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Strong Fondations

February 19, 20244 min read

"Set it and forget it applies to both stocks and real estate. If you leave capital tied up longer, you can consider investments with cash flow to release gains along the way."

- Rise Capital

Why do we accept certain truths in the stock market that we do not accept in other types of investing such as real estate?

Investing fundamentals do not change from one asset class to another, only the details.

Following are several investing truths that apply not only to stocks where we are used to seeing them, but also to real estate where we may not recognize the universal characteristics.

🟢 Set It and Forget It

--In illiquid investments like real estate we often are worried about tying up capital, if/when we can get our money out early, prefer to leave it locked up shorter term, etc, but in stocks we believe "set it and forget it."

The ability to trade stocks quickly is reactive to emotions, contributING to value volatility when we don't follow our own advice and sell low. Illiquid investments such as real estate are much slower to react to market trends and therefore have more stable values by comparison.

An investment with low volatility, high liquidity, and high returns is pretty much an oxymoron. Set it and forget it applies to both stocks and real estate. If you leave capital tied up longer, you can consider investments with cash flow to release gains along the way.

🟢 Passive/Limited/Silent Partner

--The stock market is a limited partner investment, no decision making, no voting, no ongoing work, no one is inviting us to the shareholder meetings. We are okay with this. Indeed, we love how passive it is!

In real estate people say, "I can't give up control," and end up running real estate businesses renting properties instead of a passive investment portfolio. Trust me, there are people out there who manage properties as owners and management companies who are WAY better at it than we are: we invest passively with them!

The ONLY way to be job optional/financially free/retired is to have OTHER PEOPLE managing the businesses that we invest money into. This is readily understood in stocks, and often doesn't seem to psychologically translate to real estate.

🟢 4% Rule

--We know to retire well we need a PILE of cash invested so we can live off 4% to preserve the nest egg for our lifetimes. In real estate, we also need a pile of money even if the returns are typically higher, roughly double (7-9% for stocks and 10-16% for real estate.) One $50k investment isn't making anyone rich.

In the stock market we need several million dollars invested to retire, same goes with real estate. Real estate returns are typically better than stocks, we may need a less huge of a pile of cash and can live on 8% instead of 4, but not SO much better that $50-100k invested is going to make us rich. This must be repeated 20-30 times by working hard to earn more cash to invest, as well as reinvesting the gains when deals sell until the compounding pile is large enough we can live off the passive cash flow alone.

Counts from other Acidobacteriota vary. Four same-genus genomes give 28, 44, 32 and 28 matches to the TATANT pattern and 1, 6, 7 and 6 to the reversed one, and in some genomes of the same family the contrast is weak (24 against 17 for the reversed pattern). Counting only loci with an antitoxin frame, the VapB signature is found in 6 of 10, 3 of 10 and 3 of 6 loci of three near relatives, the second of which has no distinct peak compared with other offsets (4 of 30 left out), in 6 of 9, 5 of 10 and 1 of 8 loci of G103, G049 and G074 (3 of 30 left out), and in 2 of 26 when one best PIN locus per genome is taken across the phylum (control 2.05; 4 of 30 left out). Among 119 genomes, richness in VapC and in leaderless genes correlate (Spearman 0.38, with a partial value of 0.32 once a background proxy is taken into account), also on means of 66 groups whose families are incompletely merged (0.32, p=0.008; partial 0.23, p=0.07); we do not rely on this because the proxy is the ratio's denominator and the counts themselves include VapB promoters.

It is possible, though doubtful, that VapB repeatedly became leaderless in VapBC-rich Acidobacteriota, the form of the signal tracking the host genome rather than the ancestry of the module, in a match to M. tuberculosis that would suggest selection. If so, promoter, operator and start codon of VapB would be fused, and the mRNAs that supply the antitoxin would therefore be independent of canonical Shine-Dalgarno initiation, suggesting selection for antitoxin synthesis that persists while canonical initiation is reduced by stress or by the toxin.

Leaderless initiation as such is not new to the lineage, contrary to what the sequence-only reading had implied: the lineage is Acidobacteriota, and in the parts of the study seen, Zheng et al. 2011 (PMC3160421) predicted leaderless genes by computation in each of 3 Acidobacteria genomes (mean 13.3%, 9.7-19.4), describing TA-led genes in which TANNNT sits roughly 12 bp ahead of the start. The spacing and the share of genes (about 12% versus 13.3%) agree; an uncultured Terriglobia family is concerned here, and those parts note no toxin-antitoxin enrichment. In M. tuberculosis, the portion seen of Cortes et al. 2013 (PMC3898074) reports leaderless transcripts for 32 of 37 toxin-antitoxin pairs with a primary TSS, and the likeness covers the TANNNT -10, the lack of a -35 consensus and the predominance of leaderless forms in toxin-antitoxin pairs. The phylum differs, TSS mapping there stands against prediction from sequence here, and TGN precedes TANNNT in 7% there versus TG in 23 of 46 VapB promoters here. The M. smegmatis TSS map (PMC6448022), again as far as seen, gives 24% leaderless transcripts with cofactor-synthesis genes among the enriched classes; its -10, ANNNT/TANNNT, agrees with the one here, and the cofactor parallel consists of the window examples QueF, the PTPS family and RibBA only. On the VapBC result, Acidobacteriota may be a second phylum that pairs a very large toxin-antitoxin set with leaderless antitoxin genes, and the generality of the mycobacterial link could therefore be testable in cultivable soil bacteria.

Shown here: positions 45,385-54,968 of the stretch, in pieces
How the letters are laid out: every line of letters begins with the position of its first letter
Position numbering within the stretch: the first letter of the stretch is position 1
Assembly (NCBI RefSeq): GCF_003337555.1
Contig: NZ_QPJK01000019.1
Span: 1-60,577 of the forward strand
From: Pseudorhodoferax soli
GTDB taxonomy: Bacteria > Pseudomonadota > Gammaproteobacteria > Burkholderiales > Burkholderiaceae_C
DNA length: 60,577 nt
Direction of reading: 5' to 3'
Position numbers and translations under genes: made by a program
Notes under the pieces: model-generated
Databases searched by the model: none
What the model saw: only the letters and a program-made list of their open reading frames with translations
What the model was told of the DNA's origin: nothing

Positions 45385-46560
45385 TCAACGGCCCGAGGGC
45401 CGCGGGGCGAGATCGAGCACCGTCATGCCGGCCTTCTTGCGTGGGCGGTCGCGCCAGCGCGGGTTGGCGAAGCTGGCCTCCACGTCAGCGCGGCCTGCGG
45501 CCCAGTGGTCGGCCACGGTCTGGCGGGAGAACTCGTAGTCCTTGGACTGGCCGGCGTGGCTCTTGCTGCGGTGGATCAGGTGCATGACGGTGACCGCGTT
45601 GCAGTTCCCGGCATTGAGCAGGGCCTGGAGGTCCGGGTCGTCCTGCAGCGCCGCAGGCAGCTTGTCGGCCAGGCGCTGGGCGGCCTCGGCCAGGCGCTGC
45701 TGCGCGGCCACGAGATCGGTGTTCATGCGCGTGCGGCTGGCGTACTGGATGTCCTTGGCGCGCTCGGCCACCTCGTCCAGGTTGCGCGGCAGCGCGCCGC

Invest long term for the long term to be able to retire on any % rule.

🟢 My Portfolio is Down, It'll Recover

--In stocks, we hate when our portfolio is down, but we try not to panic trade and know successful investors go long term when diversified across the index. In real estate, if we lose money on a property, we feel like failures, quit, and avoid the entire sector or even warn our friends away from it.

Dollar cost averaging applies in both asset types, investing in consistent drips whether the market is up or down, hedging at all times. We usually invest substantially more into one deal in real estate than in stocks, which creates terror when that one property is not performing. Spread out your cash more to prevent a disproportionate impact on your portfolio when the market isn't favorable.

Real estate is measurably less risky than stocks. Long-term value investors will not only recover but win, just give it time.


This isn't a battle between stocks and real estate: just remember that investing FOUNDATIONAL fundamentals apply regardless of the asset, and we should be diversified into both plus more!

Multifamily Real EstateInvestmentRisk ManagementTax AdvantagesPassive IncomeHigh ReturnsReal Estate Investingretirement
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Emma Powell

Emma Powell is a seasoned commercial real estate investor specializing in multifamily properties. With a strong belief in the importance of knowledge and risk mitigation in investments, Emma has dedicated their career to mastering the art of passive real estate investing. Leveraging various financial tools, such as self-directed IRAs, 401(k)s, 1031 exchanges, dividend-paying whole life insurance, HELOCs, and discretionary income, Emma has successfully built a diverse portfolio while enjoying passive cash flow, tax advantages, and substantial returns.

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